The U.S. economy is booming. Consumers are spending. Brian Cornell, CEO of retailer Target, called the current consumer environment "perhaps the strongest I've seen in my career."
But you wouldn't know it looking at J.C. Penney's (NYSE:JCP) results. The department store reported abysmal second-quarter numbers, featuring a massive loss and extremely sluggish comparable sales growth. Its full-year guidance was slashed, and the stock unsurprisingly plunged.
If J.C. Penney is doing this poorly when times are good, it will take a miracle for the century-old retailer to survive when times are bad.
J.C. Penney posted a net loss of $101 million during the second quarter, more than double its loss in the prior-year period. The company was forced to mark down prices to clear out slow-moving seasonal inventory, knocking down gross margin.
But the company's inventory problems go beyond seasonal merchandise. J.C. Penney took actions during the quarter to clear excessive inventory across many categories, beyond seasonal products or fashion misses, according to CFO Jeffrey Davis. The plan going forward is to buy less merchandise instead of simply filling up the stores by default. That probably should have already been the plan, given that the company's sales have been depressed since 2012.
Markdowns seem to be a theme for J.C. Penney. The company blamed markdowns aimed at clearing out seasonal inventory for a slumping gross margin in the first quarter. In the third quarter of 2017, the company also took "aggressive actions" to clear slow-moving inventory, mostly related to apparel, according to then-CEO Marvin Ellison.
Amazingly, both e-commerce sales and appliance sales were down in the second quarter. Those declines were on purpose -- J.C. Penney was trying to reduce unprofitable sales. So much for appliances being the retailer's savior.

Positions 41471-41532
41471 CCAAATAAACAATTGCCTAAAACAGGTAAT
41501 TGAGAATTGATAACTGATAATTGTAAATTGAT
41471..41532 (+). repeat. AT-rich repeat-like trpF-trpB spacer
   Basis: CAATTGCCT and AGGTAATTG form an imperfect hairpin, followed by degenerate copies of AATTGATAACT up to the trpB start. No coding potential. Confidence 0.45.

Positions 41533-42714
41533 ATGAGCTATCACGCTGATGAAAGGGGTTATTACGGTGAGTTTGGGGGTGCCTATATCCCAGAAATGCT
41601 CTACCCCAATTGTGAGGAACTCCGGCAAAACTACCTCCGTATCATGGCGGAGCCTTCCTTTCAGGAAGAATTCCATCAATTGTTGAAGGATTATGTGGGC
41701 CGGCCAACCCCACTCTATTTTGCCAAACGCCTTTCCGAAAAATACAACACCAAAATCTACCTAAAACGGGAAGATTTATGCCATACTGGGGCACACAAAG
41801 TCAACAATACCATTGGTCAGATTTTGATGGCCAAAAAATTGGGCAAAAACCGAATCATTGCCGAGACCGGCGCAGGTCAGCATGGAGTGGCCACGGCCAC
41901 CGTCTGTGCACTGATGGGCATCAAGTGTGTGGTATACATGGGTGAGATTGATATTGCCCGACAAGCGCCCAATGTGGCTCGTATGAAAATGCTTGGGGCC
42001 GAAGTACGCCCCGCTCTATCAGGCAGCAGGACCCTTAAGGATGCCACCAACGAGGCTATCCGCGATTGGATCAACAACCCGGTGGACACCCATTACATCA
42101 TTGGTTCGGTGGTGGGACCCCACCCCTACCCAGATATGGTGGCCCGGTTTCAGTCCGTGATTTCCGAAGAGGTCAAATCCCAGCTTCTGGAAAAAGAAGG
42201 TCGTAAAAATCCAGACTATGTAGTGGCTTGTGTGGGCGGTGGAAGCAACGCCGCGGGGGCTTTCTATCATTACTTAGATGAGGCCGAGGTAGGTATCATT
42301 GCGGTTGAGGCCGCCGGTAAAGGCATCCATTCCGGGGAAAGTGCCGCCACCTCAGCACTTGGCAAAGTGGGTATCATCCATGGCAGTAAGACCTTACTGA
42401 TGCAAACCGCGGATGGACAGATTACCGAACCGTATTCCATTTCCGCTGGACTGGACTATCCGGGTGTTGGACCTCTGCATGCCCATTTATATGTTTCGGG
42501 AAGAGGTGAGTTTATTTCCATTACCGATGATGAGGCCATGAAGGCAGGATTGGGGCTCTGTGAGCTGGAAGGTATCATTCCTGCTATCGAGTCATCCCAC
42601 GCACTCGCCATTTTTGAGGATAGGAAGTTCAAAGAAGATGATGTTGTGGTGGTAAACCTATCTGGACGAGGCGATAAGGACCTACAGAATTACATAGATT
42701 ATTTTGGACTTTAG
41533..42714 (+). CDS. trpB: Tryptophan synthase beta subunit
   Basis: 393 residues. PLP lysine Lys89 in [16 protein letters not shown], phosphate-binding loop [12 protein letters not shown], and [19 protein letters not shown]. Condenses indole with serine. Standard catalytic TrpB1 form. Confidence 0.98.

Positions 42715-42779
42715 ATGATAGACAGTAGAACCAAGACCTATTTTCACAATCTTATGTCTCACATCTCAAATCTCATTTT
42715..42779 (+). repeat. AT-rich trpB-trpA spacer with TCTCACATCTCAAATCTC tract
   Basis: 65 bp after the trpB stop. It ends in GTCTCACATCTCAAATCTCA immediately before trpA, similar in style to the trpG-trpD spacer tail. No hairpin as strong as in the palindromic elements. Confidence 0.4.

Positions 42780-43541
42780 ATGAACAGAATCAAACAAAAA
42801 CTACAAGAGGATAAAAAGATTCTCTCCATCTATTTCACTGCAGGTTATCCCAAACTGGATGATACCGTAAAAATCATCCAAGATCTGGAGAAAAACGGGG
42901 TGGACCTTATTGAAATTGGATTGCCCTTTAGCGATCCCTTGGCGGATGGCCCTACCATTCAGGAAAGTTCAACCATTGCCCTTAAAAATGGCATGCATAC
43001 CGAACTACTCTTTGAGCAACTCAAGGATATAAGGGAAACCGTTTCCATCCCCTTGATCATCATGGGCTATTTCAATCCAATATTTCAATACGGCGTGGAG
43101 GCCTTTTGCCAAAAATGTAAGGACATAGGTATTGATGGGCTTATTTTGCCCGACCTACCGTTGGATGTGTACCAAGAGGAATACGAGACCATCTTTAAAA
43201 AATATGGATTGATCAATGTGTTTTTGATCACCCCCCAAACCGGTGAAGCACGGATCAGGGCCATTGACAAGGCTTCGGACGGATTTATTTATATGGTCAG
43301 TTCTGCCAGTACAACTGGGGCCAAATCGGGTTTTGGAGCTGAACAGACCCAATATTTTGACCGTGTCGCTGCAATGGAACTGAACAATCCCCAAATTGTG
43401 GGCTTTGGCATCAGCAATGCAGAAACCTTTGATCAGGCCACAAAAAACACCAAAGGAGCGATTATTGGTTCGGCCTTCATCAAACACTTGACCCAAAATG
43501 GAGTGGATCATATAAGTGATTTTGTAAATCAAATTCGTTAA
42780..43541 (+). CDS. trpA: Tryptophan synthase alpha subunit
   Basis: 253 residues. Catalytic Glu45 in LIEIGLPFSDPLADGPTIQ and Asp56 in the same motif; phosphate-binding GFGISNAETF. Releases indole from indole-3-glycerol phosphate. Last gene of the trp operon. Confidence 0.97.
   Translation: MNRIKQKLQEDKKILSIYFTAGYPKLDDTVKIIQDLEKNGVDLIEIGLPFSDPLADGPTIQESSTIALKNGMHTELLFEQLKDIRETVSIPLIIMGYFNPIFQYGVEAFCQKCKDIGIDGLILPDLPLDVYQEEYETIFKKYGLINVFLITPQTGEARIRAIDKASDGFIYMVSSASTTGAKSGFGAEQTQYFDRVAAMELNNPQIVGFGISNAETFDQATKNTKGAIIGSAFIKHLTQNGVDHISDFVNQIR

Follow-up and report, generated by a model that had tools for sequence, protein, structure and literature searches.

I'm starting to think that J.C. Penney doesn't have a good handle on what its customers want to buy -- or who its customers are, for that matter. Merchandising is a core competency for any retailer. If you can't get merchandising right, that's the ball game.
Up to its eyeballs in debt
J.C. Penney has been able to reduce its debt load a bit in the past few years, but the balance sheet is still in rough shape. The company's cash balance at the end of the second quarter was just $182 million, and it was still staring at about $4.2 billion of debt and capital lease obligations. Annual interest payments are roughly $300 million.
The retailer does expect to produce positive free cash flow this year, although inventory reductions and the sale of operating assets will be the main drivers. J.C. Penney has boosted its free cash flow and paid down debt in recent years by selling off assets, including its headquarters campus, a distribution center, and corporate jets. That's a strategy that works until you run out of assets to sell.
J.C. Penney expects to lose between $0.80 and $1 per share on an adjusted basis this year, which works out to a net loss as big as $315 million. Free cash flow coming from the business itself, excluding asset sales and working capital machinations, will almost certainly be negative.
The good news is that J.C. Penney doesn't have all that much debt maturing anytime soon. The company completed a tender offer for some of its debt maturing in 2019 and 2020 earlier this year by taking on $400 million of new debt maturing in 2025. This move was expensive -- the new debt comes with an 8.625% interest rate -- but there are now only small debt maturities until 2023, when nearly $2 billion of debt comes due.
That may seem to buy J.C. Penney time, but if the economy goes into recession at some point in the next few years, it's not hard to imagine the company's results deteriorating to the point where paying interest becomes a problem. More assets can be sold and working capital can be plundered. But only for so long.
J.C. Penney is a money-losing retailer loaded with debt, struggling to grow sales during a veritable boom in consumer spending. The time to turn things around was yesterday. Whenever the economy turns sour, as it will inevitably do at some point, J.C. Penney will be wholly unprepared.
Time is the enemy of the mediocre business, according to Warren Buffett. That quote appears tailor-made for J.C. Penney.